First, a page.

- No guarantees the season will continue beyond Singapore, or if drivers will receive all of their prize money
- Creditors said to be awaiting unpaid bills for thousands of pounds dating back months
- Multi-million pound investment reportedly deal fell through at the last minute
Serious doubts have arisen over whether the all-female W Series will be able to finish its third season after chief executive Catherine Bond Muir admitted it was fighting to secure enough funding to continue.
The series’ most recent accounts, filed with Companies House on 5th September, show the W Series had net liabilities of more than UK£7.5 million (US$8.1 million) to December 31st 2021. According to the Telegraph, this 'in line with expectations given the business is in the startup phase' but ‘significant’ funding issues and debts of several thousand pounds to a number of creditors dating back months mean the W Series is struggling to stay afloat.
One of the W Series’ biggest creditors Whisper, the production company founded by David Coulthard and Jake Humphrey, will not be sending any of its regular 15 to 20 strong crew to Singapore for the next upcoming race, the Telegraph said. The W Series' hospitality partner, Velocity Experience is also reportedly owed a significant sum of money.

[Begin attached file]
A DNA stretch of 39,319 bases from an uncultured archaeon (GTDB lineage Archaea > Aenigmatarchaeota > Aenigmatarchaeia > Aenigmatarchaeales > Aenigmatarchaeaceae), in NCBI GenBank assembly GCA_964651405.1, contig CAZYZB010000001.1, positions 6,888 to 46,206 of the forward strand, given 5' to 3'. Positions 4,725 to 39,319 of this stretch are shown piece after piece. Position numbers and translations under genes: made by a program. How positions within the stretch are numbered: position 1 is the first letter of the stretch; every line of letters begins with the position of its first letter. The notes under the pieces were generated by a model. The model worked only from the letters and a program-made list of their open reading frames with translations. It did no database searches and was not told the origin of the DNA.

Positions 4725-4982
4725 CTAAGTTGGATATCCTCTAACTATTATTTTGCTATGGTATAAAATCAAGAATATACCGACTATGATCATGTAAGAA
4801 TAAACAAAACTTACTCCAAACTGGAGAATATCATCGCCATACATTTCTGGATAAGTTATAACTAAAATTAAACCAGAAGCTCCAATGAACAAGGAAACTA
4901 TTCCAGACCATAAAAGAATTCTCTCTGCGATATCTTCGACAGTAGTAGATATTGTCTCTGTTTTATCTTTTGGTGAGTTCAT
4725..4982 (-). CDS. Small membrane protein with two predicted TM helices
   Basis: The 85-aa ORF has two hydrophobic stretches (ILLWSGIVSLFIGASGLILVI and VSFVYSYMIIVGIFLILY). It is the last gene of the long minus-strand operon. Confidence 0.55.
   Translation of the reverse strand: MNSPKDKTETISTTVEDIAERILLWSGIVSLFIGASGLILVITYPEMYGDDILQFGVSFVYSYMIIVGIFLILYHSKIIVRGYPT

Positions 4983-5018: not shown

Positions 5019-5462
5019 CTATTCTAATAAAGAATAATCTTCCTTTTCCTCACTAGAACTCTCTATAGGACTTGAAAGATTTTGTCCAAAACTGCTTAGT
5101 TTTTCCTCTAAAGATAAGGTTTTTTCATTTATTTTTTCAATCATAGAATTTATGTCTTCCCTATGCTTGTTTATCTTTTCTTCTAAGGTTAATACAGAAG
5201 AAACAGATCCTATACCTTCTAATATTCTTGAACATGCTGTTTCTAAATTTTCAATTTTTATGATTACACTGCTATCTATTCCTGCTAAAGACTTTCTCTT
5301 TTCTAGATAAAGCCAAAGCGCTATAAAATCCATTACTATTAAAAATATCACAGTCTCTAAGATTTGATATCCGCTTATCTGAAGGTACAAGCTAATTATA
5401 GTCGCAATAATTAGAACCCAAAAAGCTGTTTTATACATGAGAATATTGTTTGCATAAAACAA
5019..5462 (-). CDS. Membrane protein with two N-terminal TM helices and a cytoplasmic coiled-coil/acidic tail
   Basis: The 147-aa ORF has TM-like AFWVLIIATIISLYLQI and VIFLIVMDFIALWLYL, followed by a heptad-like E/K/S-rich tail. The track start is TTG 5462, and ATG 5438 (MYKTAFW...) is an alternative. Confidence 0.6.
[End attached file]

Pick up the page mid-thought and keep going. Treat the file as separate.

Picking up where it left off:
Current fluctuations in the value of the sterling are not making the job of Bond Muir any easier and a multi-million pound deal with an unnamed American investor is said to have fallen recently through at the eleventh hour. However, Bond Muir is confident the series will survive.
“We’re having lots of conversations at the moment and I’m very optimistic. We’ve had to fight from day one. It has always been a struggle but we’re fighters,” she told the Telegraph.
Although, she could not guarantee that the season would continue to the double-header in Austin and Mexico if Jamie Chadwick was to wrap up the title this weekend.
It’s also not confirmed as to whether the drivers will be paid all of their prize money, with series offering a total prize pot of US$1.5 million, with US$500,000 of that going to the overall winner.
“We’re looking at our budgets,” continued Bond Muir. “We’re confident that we’ll continue to raise money.
“You have to understand W Series is a brand new sport. Tennis has equality now because Billie-Jean King fought for those rights 50 years ago.
“Football is slowly starting to become more equal. Rugby? We saw recently that England’s women flew economy to the World Cup where their male counterparts flew business.
“It takes time. We’re only in our third season. But we have had a huge impact already and we are a force for good.”
W Series coverage will continue as normal this weekend. The series declined to add further comment when approached by The BlackBook.